Lesson 3: A shared definition of success is important.

Lesson 4: Fanfare and lavish launches are not the stuff that project success is made up of.

When Ken Attafuah sang his own paean like the lizard on the iroko tree in Chinua Achebe’s “Things fall apart,” he had obviously fallen prey to the idea that fanfare and lavish launches define project success. Even more importantly, he appears to have a certain idea of “delivered” that is different from what I perceive as delivered. In fact that same problem seems to beleaguer this entire government, particularly our Vice President, Dr M. Bawumia. He, like our president, has been quite assertive about “delivering” a digital addressing system like none other on this planet.

Is a KVIP “delivered” if the underlying problem of open defecation and the attendant health risks still obtain in a community? More generally, is a thing delivered because it is launched? This naturally leads to a number of discussions, two of which I will focus on. Success, even success in life, means different things to different people. On multiple stakeholder projects like government ones, there are different interests. To the political party, ticking a box that provides them currency for the next election may be more important than solving the underlying problem of say open defecation. To a president or vice president, the goal may be similar or different. To an NGO providing funds, the real concern may be reversing open defecation for the well-being of the community.

Consequently, it should be very clear from the outset what the definition of success is. Is it simply delivering one card or piece of software or it is holding people responsible for its use until the value expected accrues to the country? If the players viewed things this way, it is only obvious that all the chicks that were being counted wouldn’t be. Ika Lavagnon, professor of project management at the University of Ottawa, Canada, agrees with other scholars that an emphasis on project management success (example software completion) can blind us into thinking that a project is successful. That the project management process is successful is no indication that the project has itself yielded the desired outcomes (project success).
In 2018, our focus should move from ticking boxes to considering outcomes. Discerning readers will realise the government cannot pat itself on the back because the proof of its success will be in adoption and value. Sure they can celebrate launches but it would be done with the recognition that the real work isn’t completed but has only began.


Lesson 5: Stakeholder engagement at every stage is crucial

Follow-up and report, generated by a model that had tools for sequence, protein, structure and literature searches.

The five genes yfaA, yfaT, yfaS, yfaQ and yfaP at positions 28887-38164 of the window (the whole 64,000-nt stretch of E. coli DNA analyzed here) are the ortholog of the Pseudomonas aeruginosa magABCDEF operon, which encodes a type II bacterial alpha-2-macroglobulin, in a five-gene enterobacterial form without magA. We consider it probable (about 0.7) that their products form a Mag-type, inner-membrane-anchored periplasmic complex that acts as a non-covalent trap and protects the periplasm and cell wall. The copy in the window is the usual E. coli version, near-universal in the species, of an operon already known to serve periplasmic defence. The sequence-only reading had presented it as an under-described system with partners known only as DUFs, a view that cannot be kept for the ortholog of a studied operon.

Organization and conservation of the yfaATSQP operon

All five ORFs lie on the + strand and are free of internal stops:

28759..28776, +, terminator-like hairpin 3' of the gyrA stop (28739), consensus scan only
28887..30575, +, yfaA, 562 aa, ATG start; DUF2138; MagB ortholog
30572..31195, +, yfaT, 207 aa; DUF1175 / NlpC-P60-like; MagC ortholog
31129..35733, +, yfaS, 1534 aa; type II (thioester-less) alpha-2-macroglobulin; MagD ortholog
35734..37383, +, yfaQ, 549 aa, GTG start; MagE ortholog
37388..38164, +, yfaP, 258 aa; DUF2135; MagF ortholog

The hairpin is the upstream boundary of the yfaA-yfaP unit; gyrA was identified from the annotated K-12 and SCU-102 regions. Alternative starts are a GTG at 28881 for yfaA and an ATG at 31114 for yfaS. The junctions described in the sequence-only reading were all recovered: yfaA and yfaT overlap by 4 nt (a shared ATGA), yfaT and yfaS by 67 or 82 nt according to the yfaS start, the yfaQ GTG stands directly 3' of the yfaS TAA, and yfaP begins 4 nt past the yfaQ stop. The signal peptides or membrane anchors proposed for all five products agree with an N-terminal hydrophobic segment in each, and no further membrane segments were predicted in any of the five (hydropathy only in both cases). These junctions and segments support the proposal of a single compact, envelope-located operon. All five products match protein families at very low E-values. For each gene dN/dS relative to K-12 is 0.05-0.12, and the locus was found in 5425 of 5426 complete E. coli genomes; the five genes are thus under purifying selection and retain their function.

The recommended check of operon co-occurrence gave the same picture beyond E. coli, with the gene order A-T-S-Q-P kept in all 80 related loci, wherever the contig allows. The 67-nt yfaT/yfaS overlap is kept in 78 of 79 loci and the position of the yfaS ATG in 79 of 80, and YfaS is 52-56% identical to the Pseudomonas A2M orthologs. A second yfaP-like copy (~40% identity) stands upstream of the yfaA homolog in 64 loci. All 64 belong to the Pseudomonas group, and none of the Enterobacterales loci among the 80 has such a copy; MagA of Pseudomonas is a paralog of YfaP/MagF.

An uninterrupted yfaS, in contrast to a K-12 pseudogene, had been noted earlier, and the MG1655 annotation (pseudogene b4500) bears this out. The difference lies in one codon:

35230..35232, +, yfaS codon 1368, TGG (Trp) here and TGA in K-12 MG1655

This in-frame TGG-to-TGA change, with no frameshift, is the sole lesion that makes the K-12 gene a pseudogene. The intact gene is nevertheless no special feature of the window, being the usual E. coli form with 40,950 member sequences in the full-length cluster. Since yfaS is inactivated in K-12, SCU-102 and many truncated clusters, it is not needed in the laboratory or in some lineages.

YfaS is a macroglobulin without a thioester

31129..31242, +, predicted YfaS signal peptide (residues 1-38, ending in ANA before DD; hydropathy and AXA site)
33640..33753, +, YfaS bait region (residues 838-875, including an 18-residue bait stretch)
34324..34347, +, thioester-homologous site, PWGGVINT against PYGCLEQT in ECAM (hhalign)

GhanaPost GPS is a great example of stakeholder engagement and project communications gone very wrong. It is still a mystery how there was such inconsistency between Vokacom, Ghana Post and the Ministers of Communications and Information on “offline mode.” If these crucial stakeholders could not get together and get their “rap” consistent, I wonder who in the public was engaged for this project. A cursory look at the response of “objective” developers on Twitter will tell you some of the most seasoned developers were not contacted and a few took their time to point out flaws which were either quickly corrected, denied or both.
I have no intent to bash GhanaPost GPS; it makes for good learning. When the application made the assumption that most people had access to Internet and smartphones to generate their own addresses was that not being too presumptuous? When we found that the application generated multiple addresses for the same plot were we again being, “too know or typical pull him down (PhD)” Ghanaians as the minister of communications called us? Was it not an admission of an egregious error when a certain deputy minister said they were (now) going to consult with other governmental institutions to align this effort with some other (similar) existing initiatives?

GhanaPostGPS demonstrates the first point: going fast isn’t always the most important thing. It would be okay if it only demonstrated this. It demonstrates every other point made up to this point and something more: that enough stakeholder consultation wasn’t carried out. Which sections of the public were consulted, which were used as part of usability testing? Which of their feedback was integrated into the design approach to ensure the system would meet a wider set of needs?